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The Future of Fast Food, Part 1 It may be the end of the franchising world as we know it. What does tomorrow hold for the name players?

By Devlin Smith

Opinions expressed by Entrepreneur contributors are their own.

Nothing's a sure thing, not even the continued success of an iconic brand. With the challenged economy and changing consumer tastes taking their toll on the once-infallible McDonald's, and exposing chinks in other grand brands like Burger King and Taco Bell, what is the fate of fast-food's giants?

For one thing, the world of fast food no longer revolves around burgers and tacos--sandwiches are now vying for equal billing, with Subway leading the charge. "We are definitely on par with McDonald's," says Alan Warmund, president of Subway Development Corp. of Washington, DC, an area developer for Subway in Washington, DC, Delaware, Maryland and Virginia. "I know [McDonald's] considers us a player. They keep an eye on us and what we do."

And what Subway is doing, according to experts, is giving customers just what they want. "Subway leads the market with a very simple concept, locks onto a health craze for sandwiches, centers their growth on a spectacular bread, changes to their proteins and their sandwiches," says Michael Seid, managing director of Michael H. Seid & Associates LLC, a West Hartford, Connecticut, management consulting firm specializing in the franchise industry. "Look at the differences of entrepreneurial behavior of a Subway versus a McDonald's--they're two similarly sized companies, yet Subway is able to pull its market up and McDonald's has pulled its market down."

In fact, Subway's success has rocked the world of franchising as we know it. Its domestic unit count continues to surpass that of McDonald's, which has been shuttering units worldwide and recently posted its first-ever quarterly loss. More impressive, the new king of the hill has done what many old-timers can't--they've gained stable footing for the foreseeable future. "The last couple of years, Subway's same store sales have just gone like a rocket. If that success was based on [the ads featuring] Jared, then they could slip and fall, but it's not," Seid says. "That's the beauty of what Subway pulled off. They used Jared as the tip of the spear. The rest of that weapon was their bread, innovative products and better quality meats. They've done remarkably well."

While sandwiches are a franchising success story, the much-hyped cobranding trend is falling by the wayside. "Yum is really the only company I see doing it extensively. They're pretty into it, but at the same time, I don't see it expanding too drastically," says Greg Kahn, founder and CEO of Huntersville, North Carolina-based Kahn Research Group LLC, a consumer behavior research firm. "There's a point where franchises can sort of become a food court within a mall, and nobody really wants to be that. Customers are going toward fast-casual restaurants and away from fast food--they want that family-dining experience as opposed to everybody going their separate ways and then meeting back at a central location."

Besides aiming to provide customers with more choices in one convenient location, cobranding was also designed so franchisees could optimize their space and personnel while increasing profits with the addition of one or more brands. However, "that didn't work very well," says Seid. "You were taking two different day parts, shoving them together and saying, 'This should extend my business,' but the location didn't fit and a lot of the benefits weren't realized."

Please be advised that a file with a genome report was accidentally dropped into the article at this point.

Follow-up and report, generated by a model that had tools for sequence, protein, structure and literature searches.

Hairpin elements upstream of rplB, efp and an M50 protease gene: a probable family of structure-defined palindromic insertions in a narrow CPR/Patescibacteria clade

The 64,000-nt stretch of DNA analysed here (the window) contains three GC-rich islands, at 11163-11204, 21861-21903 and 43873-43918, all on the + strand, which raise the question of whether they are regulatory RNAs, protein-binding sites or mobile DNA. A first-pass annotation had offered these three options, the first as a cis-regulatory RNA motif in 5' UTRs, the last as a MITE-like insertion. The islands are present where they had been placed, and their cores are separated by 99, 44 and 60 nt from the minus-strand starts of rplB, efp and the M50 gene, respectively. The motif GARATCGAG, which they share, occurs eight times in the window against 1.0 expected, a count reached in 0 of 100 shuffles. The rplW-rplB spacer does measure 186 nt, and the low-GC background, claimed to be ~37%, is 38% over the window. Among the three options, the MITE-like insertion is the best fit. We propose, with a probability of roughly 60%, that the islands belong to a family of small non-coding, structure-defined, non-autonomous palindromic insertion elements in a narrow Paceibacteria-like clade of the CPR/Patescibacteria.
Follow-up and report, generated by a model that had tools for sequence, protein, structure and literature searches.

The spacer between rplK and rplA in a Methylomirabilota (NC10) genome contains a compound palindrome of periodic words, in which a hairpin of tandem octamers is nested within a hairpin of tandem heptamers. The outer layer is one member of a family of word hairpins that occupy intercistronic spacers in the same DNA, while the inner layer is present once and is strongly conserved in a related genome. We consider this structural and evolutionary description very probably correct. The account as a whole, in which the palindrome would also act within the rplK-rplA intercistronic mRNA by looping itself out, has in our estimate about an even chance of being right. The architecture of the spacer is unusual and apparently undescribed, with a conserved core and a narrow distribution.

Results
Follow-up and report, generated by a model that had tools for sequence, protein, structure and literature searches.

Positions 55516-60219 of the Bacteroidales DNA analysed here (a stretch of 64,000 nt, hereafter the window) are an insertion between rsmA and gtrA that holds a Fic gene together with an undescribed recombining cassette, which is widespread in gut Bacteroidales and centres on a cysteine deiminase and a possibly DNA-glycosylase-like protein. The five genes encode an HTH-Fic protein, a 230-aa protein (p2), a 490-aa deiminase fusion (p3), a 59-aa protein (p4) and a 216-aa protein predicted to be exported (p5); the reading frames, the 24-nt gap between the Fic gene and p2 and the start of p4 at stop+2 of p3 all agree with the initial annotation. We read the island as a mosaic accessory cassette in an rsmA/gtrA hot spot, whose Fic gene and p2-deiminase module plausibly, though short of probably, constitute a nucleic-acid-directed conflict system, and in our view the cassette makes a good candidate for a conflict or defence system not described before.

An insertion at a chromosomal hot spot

But don't discount cobranding altogether. It will continue, but probably not with same emphasis. "I see it being used intelligently, but I don't see it being used anywhere near the rate it's been in the past," Seid says. "It just doesn't make sense. The results aren't there to support it except in certain situations."

Though cobranding may not have delivered on its promises of increasing operating efficiencies, multiunit agreements and area developerships are. Today, many franchisors prefer to deal with these mini-chains rather than the traditional mom-and-pop franchisees. "To get the benefit of operating restaurants, franchisees need to get enough of them so they can spread out their fixed costs, management and all that," says James Walewski, director of client development for Thompson Group, an analysis firm specializing in location strategies. "Meanwhile, franchisors are looking at multiunit franchisees, because it makes their franchising agreements a lot simpler. If they can do a blanket deal, that's a lot less paperwork, and they've got one operator that can build as many stores as they want in that area."

But franchisors that focus entirely on multiunit operators may find their pool of potential franchisees drying up. "There are less [multiunit operators] out there than [franchisors] want there to be, clearly," Walewski says. "A lot of these franchise entities are fighting over the same people."

Smart franchisors are finding a balance, building their brands with multi- and single-unit operators. "Those companies that are exclusively doing multiunit deals will slowly come back to where they belong, somewhere in the middle, looking at opportunities on a market-by-market basis," Seid says. "The focus has been shifted, rightfully so, [to multiunit deals], but in many situations, franchisors have overshifted to the point that they're excluding all single-unit franchisees."

In spite of challenges from rising brands and industry trends that didn't live up to their potential, the power of the big-name player remains, particularly in the eyes of customers. As Kahn points out, "Customers care a lot more about how well franchises [meet their needs] than they do about how the stock is doing."

Click here to read "The Future of Fast Food, Part 2."

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